Androgenic Alopecia, or male pattern baldness, is one of the most common hair loss conditions across the globe, with a third of all 30 year-olds and half of all men over the age of 50 experiencing some degree of shedding. But given how hair protects the top of the head from sunburn and overheating, provides warmth in winter and even acts as a vitally important means of communication via the many different hairstyles humans adopt, it is interesting that the process of natural selection did not cause baldness to die out.
Why? The honest answer is: nobody knows for sure. There is evidence of pattern hair loss being experienced by our close evolutionary relatives – The Great Apes – so it clearly has been a part of our genetic lineage for a very long time. There are many possible theories to explain why it has stayed with us.
Four Theories On Hair Loss
Below are four possible theories, all developed by different scientists attempting to understand why male pattern baldness is so prevalent:
1. Frank Muscarella and Michael Cunningham argue that baldness is associated with wisdom and longevity – both of which are attractive qualities in a mate.
2. Taking a very different view, Peter Kabai has suggested that by exposing more skin to sunlight, baldness boosts Vitamin D levels, thus protecting bald men against prostate cancer. Given that male pattern baldness is believed to be triggered by dihydrotestosterone, a biochemical that has been linked to prostate cancer, there may be some truth to this explanation.
3. Baldness signals dominance and status. Suggesting that a bald head acts as a sort of advertising board for emotions, in particular the red flush that accompanies anger, is drawing upon a common feature in nature, in which red is associated with aggression and high social standing.
4. The link between Androgenic Alopecia and dihydrotestosterone also presents another possibility: that male pattern baldness advertises vigour and sexual prowess. This would be because dihydrotestoterone is a product of the metabolisation of the hormone testosterone – responsible for the development of body hair, dense bones, muscles, and the sex drive. Men and women with elevated testosterone levels tend to have stronger sex drives, and a bald pate could be a way of advertising this to others.
Evolutionarily Useful, But No Longer Vital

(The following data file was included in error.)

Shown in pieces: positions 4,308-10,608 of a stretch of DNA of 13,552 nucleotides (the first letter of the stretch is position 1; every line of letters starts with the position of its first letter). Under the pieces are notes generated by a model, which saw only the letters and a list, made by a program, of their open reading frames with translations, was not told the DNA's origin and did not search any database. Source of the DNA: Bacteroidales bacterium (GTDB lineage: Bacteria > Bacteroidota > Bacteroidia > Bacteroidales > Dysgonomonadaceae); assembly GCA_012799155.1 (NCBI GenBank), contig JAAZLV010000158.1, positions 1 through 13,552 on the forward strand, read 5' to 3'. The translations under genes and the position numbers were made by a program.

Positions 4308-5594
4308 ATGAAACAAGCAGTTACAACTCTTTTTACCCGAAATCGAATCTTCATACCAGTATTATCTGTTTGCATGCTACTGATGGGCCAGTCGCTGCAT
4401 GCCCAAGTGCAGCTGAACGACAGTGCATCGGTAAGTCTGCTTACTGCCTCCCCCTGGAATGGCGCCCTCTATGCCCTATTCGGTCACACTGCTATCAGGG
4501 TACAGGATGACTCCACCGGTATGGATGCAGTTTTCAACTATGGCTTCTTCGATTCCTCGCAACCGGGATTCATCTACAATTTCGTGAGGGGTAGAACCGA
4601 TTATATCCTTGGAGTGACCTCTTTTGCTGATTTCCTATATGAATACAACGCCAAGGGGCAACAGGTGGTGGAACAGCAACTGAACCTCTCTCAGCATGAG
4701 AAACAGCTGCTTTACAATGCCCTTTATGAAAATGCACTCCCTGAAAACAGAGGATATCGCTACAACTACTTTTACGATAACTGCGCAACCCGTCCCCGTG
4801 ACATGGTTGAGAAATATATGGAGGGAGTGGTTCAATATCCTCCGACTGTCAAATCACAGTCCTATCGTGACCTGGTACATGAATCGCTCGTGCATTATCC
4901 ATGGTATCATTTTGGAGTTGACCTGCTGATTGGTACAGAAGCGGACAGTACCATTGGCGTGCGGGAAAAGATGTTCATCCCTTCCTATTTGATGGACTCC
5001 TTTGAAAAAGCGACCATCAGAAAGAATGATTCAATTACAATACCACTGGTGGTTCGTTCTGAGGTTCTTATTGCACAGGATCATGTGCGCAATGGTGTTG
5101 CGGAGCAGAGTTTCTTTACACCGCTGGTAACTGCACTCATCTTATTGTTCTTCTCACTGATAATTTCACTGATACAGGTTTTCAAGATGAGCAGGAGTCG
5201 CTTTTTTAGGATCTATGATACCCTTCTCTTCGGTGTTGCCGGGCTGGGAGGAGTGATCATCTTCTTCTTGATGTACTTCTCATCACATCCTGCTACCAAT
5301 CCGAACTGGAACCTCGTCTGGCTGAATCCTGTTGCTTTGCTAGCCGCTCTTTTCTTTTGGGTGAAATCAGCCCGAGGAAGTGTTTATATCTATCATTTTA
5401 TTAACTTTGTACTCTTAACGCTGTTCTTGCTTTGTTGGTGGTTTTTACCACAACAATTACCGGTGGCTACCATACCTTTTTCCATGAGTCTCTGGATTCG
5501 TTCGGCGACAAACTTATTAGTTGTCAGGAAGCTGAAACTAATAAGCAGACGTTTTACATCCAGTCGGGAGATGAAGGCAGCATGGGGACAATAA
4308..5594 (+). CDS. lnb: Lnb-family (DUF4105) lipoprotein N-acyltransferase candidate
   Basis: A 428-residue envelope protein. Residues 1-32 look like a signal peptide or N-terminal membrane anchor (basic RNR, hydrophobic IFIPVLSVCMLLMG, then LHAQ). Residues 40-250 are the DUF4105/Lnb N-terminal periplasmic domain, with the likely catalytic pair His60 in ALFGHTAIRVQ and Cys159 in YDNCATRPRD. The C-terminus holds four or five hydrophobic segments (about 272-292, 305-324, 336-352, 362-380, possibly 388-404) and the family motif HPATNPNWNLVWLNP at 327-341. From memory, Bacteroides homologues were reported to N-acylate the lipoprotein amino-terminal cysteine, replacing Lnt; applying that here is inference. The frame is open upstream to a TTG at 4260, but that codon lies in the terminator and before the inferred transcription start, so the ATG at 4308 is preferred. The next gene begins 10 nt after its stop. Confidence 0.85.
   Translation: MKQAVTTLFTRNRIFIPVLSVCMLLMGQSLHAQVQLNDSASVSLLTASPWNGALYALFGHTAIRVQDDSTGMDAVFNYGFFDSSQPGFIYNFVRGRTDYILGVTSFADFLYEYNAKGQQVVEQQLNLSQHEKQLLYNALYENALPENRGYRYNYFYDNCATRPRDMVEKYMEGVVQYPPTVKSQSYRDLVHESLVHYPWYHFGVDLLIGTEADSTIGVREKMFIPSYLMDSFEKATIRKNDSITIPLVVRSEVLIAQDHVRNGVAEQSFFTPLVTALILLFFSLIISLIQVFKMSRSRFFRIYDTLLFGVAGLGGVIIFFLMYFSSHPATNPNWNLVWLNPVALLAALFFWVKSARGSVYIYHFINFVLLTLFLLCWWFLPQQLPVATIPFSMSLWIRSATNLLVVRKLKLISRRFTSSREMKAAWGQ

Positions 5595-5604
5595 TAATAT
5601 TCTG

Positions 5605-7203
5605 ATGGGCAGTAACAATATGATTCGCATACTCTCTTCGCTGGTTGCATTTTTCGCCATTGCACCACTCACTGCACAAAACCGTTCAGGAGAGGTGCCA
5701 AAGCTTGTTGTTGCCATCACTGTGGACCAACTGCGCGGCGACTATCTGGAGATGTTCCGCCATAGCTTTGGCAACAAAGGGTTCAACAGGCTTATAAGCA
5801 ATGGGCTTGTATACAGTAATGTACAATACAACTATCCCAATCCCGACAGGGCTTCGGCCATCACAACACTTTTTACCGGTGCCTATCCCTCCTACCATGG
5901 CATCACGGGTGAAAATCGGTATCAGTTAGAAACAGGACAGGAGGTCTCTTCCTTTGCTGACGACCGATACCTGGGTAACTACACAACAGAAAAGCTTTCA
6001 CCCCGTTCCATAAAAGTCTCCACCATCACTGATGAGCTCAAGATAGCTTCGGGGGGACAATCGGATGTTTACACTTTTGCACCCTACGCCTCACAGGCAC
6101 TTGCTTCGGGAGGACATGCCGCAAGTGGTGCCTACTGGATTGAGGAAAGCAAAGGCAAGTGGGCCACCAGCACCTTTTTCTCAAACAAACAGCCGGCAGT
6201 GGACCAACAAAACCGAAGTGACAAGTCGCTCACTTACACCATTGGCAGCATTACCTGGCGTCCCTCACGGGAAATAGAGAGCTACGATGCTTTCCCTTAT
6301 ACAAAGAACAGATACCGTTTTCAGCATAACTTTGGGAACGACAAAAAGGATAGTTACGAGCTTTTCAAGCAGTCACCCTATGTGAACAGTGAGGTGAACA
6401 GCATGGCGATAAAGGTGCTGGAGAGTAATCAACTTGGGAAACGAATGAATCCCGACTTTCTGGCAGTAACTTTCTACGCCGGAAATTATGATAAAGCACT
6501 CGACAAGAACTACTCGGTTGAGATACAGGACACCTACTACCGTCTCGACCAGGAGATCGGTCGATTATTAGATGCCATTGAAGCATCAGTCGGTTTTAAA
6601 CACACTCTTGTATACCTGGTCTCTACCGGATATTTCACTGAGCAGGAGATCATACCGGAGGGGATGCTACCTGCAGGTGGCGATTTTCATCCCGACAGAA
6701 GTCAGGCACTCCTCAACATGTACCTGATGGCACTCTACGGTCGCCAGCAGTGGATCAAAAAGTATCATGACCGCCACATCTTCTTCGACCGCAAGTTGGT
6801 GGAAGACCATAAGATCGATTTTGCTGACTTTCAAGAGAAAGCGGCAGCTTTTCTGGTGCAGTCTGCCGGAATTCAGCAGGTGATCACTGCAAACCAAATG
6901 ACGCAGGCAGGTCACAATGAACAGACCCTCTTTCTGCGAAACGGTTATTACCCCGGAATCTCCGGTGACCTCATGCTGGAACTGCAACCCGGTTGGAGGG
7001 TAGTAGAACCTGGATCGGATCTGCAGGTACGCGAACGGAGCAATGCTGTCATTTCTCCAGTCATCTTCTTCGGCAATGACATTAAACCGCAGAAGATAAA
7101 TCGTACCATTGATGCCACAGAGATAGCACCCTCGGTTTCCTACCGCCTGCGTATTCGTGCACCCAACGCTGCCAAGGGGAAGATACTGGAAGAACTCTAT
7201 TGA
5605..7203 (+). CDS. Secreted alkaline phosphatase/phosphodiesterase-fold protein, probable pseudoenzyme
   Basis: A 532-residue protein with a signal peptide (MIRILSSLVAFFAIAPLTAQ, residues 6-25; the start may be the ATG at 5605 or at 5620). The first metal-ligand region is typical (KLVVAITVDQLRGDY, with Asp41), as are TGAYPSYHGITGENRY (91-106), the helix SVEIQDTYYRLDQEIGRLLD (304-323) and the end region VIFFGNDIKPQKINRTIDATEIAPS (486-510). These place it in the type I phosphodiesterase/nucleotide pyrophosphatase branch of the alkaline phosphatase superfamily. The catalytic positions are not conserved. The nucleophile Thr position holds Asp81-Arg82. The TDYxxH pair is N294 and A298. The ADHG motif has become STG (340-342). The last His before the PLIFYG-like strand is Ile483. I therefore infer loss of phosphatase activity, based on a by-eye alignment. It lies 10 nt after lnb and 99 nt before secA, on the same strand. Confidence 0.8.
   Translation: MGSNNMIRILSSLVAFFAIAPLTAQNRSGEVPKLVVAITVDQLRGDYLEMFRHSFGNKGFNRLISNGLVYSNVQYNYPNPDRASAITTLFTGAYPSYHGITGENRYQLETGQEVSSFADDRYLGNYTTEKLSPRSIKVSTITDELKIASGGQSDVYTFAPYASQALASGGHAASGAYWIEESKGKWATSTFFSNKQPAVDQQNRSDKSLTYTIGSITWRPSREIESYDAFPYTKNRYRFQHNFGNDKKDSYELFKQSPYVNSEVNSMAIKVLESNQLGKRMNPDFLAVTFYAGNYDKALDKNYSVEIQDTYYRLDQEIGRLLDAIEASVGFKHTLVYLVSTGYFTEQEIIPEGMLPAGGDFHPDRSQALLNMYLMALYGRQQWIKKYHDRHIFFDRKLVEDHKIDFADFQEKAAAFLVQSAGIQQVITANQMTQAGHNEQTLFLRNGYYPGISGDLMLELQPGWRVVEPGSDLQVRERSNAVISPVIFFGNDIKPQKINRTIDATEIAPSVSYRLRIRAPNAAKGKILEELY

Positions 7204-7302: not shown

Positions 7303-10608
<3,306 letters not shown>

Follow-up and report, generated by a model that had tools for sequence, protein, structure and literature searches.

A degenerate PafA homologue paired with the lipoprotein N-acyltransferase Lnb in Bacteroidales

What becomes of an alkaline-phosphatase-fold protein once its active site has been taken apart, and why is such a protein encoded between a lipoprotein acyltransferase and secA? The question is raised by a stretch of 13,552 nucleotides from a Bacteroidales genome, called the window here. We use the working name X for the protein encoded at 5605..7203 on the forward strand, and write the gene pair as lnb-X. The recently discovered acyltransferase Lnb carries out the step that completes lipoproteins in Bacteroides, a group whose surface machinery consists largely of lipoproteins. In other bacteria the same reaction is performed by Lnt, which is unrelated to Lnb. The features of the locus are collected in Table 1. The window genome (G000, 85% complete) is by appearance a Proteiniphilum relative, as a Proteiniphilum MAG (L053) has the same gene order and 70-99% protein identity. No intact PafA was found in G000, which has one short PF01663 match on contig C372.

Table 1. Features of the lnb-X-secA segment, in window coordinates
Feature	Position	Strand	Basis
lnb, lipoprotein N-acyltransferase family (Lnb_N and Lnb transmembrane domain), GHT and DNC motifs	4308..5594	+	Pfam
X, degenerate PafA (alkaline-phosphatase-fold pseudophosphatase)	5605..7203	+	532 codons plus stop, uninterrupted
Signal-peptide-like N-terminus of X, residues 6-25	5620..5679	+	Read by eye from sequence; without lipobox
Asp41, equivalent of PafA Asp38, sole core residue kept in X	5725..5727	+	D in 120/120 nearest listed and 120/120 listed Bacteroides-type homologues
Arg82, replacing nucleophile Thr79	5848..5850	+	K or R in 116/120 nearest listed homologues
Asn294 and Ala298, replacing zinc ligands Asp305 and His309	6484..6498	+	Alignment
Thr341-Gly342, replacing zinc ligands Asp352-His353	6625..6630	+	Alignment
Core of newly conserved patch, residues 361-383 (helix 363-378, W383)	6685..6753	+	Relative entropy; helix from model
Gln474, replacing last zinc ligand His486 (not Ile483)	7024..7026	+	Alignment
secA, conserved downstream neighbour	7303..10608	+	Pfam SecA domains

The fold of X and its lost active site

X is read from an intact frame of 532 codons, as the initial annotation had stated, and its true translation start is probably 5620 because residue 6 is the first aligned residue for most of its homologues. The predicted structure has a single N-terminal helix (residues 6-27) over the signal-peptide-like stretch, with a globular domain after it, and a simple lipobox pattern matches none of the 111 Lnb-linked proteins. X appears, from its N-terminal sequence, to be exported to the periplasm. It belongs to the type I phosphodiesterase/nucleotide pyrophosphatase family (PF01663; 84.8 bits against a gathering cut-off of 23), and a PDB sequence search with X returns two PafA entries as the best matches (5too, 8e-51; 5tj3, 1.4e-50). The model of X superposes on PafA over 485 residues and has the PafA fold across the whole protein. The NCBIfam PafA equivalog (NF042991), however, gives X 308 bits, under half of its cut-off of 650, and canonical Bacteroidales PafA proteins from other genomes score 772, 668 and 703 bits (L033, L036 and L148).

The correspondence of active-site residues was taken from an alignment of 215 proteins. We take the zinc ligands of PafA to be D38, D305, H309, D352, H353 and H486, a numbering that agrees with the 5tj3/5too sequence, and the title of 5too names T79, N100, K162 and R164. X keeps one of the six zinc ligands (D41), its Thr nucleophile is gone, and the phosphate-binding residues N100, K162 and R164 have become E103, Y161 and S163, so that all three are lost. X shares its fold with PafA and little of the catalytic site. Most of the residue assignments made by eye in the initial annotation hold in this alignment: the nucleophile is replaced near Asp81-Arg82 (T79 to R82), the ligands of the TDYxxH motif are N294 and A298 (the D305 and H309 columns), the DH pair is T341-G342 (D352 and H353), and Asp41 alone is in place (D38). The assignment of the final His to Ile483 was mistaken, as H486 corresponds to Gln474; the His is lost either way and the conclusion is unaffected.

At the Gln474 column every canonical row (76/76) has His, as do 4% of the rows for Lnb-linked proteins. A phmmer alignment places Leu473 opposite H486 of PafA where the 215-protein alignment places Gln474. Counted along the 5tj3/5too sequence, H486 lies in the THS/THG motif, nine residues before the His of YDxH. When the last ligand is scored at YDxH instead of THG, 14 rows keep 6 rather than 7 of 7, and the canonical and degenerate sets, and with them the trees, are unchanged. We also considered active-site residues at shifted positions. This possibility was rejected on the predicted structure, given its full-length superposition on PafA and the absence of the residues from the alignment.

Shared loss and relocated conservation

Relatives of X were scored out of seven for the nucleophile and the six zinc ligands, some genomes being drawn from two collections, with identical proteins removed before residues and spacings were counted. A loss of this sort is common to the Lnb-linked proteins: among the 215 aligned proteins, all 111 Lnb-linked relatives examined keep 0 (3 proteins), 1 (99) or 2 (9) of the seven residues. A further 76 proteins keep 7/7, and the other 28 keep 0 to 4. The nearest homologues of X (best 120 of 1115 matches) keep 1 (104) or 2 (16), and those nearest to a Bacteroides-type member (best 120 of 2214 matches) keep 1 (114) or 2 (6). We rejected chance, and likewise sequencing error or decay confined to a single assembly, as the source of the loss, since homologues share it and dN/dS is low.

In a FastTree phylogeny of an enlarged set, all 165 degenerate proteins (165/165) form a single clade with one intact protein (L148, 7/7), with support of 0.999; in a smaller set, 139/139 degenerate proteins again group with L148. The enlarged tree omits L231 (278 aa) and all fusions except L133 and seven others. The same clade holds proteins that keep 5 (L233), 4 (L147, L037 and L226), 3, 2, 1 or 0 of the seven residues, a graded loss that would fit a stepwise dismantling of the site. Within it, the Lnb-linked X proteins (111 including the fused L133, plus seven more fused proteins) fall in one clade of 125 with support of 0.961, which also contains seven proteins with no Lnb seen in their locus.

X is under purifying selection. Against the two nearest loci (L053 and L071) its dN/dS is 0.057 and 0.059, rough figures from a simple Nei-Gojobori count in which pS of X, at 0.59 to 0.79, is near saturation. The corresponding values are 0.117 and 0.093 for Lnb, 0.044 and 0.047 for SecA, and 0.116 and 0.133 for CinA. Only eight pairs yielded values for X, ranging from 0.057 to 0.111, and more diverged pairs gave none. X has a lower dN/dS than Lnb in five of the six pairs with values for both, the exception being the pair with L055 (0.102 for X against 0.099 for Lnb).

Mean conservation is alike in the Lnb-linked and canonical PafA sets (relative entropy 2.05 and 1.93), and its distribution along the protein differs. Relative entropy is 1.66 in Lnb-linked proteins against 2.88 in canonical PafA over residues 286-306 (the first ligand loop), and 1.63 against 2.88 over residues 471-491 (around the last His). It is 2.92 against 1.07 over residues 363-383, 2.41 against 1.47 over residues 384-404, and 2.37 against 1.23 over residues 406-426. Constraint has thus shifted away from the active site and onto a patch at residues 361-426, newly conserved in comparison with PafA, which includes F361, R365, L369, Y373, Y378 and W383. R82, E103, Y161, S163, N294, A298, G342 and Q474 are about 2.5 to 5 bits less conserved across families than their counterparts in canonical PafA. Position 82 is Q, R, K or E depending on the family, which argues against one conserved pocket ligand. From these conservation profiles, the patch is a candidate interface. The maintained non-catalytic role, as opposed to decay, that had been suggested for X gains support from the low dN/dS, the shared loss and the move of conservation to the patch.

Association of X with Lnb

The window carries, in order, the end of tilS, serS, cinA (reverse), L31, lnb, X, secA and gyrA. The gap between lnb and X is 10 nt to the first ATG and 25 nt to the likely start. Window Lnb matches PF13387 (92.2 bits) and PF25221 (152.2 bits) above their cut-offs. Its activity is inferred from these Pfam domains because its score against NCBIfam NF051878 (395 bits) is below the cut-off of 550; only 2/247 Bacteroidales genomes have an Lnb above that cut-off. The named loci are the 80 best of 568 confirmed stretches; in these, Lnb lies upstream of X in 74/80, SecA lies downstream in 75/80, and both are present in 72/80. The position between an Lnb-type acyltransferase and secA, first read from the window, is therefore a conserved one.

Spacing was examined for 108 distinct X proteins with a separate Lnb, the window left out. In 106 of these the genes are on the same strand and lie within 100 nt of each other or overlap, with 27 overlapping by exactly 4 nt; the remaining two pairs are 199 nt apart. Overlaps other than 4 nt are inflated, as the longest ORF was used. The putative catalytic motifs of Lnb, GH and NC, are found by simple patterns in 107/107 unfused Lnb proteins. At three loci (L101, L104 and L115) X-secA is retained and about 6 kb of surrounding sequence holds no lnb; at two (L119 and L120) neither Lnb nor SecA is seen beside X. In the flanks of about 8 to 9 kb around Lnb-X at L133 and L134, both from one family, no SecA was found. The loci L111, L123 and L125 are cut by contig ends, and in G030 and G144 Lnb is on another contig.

Whatever the reasons for its appearance, there is no need to accept baldness if you don’t wish to. In these days of individual expression, sun-cream and good diets, what’s more important is that you choose whatever option is best for you, rather than simply accepting whatever cards Mother Nature has dealt you. By using a combination of the clinically proven medications Minoxidil or Propecia (licensed by the MHRA and approved by the FDA) and our exclusive range of Hair Growth Boosters to complement them, hair loss can often be successfully treated. If you’re interested in exploring your hair loss treatment options, why not book an appointment with one of our experts today?
The Belgravia Centre—————————————————————————————————–
The Belgravia Centre is the leader in hair loss treatment in the UK, with two clinics based in Central London. We offer clinically proven treatments for hair loss, as part of comprehensive treatment programmes offered by our hair loss specialists. Our in-house pharmacies produce high-strength medications for hair loss that contain medically proven ingredients and are available at no other clinic worldwide. Treatment programmes are available by visiting the centres or for home-use, anywhere in the UK or the rest of the world. View our hair loss success stories, which are the largest collection of such success stories in the world and demonstrate the levels of hair regrowth that so many of Belgravia’s patients achieve. You can also phone 0800 077 6666 for our hair loss helpline or to arrange a free consultation.This entry was posted on Friday, March 15th, 2013 at 11:00 am and is filed under General Hair Loss, Hair Loss, Hair Loss News, Male Hair Loss. You can follow any responses to this entry through the RSS 2.0 feed. You can leave a response, or trackback from your own site.